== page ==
The developers hope this risky decision will prove to be worthwhile for many reasons. Environmental. Because miners will no longer have a financial incentive to run computers around the clock, the network’s energy usage will drop by more than 99%, according to researchers at the Ethereum Foundation. Mike Brune is the director of the Climate Change campaign Change the Code/Not the Climate. He stated to TIME that the merging was an important step in the right direction and that Bitcoin would follow the same course. “With fires raging around the world and historic floods destroying lives and livelihoods, state and federal leaders and corporate executives are racing to decarbonize as quickly as possible,” he wrote. “Ethereum has shown it’s possible to switch to an energy-efficient protocol with far less climate, air and water pollution.”

The improvement in energy efficiency may be good news for businesses. Due to the enormous carbon footprint, many traditional financial institutions and companies have been reluctant about investing fully in Ethereum. Vitalik Buterin (the founder of Ethereum), acknowledged this in February and encouraged skeptical parties to delay using the blockchain to reduce the environmental impact.

Learn More The Man Behind Ethereum Is Worried About Crypto’s Future

The merger should go smoothly, and corporate adoption will accelerate. This is especially true for institutions that have ESG mandates. Joe Lubin, a co-founder of Ethereum and the founder of the blockchain company Consensys, tells TIME that he’s talked with several “major financial institutions” who have been waiting until the merge to become “significantly involved” in Ethereum.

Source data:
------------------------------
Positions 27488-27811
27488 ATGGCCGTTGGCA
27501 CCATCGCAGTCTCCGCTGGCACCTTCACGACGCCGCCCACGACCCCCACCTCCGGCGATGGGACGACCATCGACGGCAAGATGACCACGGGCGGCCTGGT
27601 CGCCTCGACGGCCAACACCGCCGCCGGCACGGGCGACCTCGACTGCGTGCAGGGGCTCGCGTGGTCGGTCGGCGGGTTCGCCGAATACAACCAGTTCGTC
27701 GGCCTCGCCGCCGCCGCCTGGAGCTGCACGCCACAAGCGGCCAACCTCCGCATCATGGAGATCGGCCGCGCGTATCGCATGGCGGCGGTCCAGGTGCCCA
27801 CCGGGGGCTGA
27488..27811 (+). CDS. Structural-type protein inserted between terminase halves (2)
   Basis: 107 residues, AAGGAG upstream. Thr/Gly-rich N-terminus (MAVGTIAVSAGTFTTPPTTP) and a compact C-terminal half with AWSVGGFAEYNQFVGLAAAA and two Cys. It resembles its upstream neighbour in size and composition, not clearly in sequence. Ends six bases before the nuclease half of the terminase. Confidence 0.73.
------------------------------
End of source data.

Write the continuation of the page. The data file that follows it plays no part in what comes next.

Because of its congestion and high fees, Ethereum has been avoided by many potential users. The network wasn’t ready for the sharp uptick in users it received in 2021, forcing some people to pay hundreds of dollars in transaction fees.

The merge won’t eliminate those fees, but Ethereum developers say that its completion will lay the groundwork for them to roll out new technologies to scale the network. The most crucial tool is called sharding, which splits the network’s data into smaller parcels, making the network faster and cheaper to use. Buterin said in February that sharding could eventually lower fees to around a nickel—and bring back many crypto users who had spurned Ethereum for other cheaper blockchains, like Solana and Avalanche.

“It’ll take time to get there, but it basically takes us into an infinite-transaction-per-second throughput architecture,” Lubin says. “It’s about to go internet-scale.”

Ethereum developers think that Proof of Stake, as an alternative to traditional Proof of Stake, will make it more secure and less vulnerable to attack. A report by Consensys says that in order for an attacker to take over 51% of the network—which would allow them to re-write parts of the blockchain as they wish—it would require more than $11 billion.

However, there are still many dangers

However, the merger comes with serious risks. Ethereum was the main network that enabled the explosion of cryptocurrency activity over the past two years. This included NFTs and Decentralized Financial Institutions (DeFi) as well as decentralized autonomous organisations (DAOs). If something were to go wrong in the transition, the well-being of all of those applications and organizations—which collectively handle more than $50 billion in user funds—would be in peril.